The Spinal Cord Stimulation Laboratory, under the direction of Marco Capogrosso, PhD, broadly studies the interactions between electrical stimulation and the dynamics of spinal circuits. Specifically, laboratory activities are focused on three areas of interest.
Area 1: The development of computational models to support the design of effective neurotechnologies for the restoration of restore sensory and motor function after neural damage or disease.
We use computational neuroscience tools, Finite Element Methods and modern AI strategies to decipher the computational principles underlying the interaction of artificial electrical stimulation and the neural dynamics of spinal circuits. Specifically, we aim to understand what inputs are needed to provide to spinal circuits to obtain natural sensorimotor function when brain inputs are missing.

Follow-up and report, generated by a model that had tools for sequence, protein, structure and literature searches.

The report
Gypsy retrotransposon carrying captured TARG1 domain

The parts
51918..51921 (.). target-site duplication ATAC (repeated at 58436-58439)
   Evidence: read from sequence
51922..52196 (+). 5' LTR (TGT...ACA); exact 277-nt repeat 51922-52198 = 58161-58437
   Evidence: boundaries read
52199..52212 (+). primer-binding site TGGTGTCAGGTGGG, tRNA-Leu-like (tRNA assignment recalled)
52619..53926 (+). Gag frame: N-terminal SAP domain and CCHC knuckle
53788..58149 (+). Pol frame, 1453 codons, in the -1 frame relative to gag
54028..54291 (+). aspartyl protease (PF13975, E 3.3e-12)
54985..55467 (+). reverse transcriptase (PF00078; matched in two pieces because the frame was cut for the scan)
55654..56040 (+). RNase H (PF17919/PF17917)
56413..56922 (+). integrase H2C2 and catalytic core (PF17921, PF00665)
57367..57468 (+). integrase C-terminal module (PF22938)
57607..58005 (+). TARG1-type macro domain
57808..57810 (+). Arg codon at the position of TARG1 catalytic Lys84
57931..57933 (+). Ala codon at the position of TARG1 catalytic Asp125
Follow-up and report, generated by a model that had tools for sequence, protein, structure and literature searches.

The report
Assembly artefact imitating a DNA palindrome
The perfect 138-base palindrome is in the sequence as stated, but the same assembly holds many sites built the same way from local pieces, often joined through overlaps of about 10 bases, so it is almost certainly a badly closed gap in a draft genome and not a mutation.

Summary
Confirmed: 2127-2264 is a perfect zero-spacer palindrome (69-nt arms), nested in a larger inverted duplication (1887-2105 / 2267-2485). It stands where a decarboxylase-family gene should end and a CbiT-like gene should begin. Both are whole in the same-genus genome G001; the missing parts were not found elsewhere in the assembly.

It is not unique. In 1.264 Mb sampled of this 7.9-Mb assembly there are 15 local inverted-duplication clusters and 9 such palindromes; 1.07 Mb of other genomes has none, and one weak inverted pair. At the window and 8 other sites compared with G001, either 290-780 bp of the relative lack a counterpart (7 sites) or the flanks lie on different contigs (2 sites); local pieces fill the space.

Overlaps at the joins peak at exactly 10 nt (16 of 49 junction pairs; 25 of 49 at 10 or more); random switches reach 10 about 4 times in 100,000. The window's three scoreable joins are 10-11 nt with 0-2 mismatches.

Area 2: Electrophysiology of spinal circuits and mechanisms of neuromodulation. What is neuromodulation and how it is affecting the structure and dynamics of the nervous system?
We perform electrophysiology in animal models such as rats, and monkeys to understand how the spinal cord and the brain reacts to electrical stimulation. We aim to combine results from computer models to experimental data to design advanced neurostimulation technologies.
Area 3: Cinical application of spinal cord stimulation in motor disorders.
We directly apply the results of computational and animal studies in translational clinical trials in patients that suffer from motor disorders such as stroke and spinal cord injury. Specifically we aim to test new implantable technologies to improve motor and sensory functions in people with arm parlysis and beyond.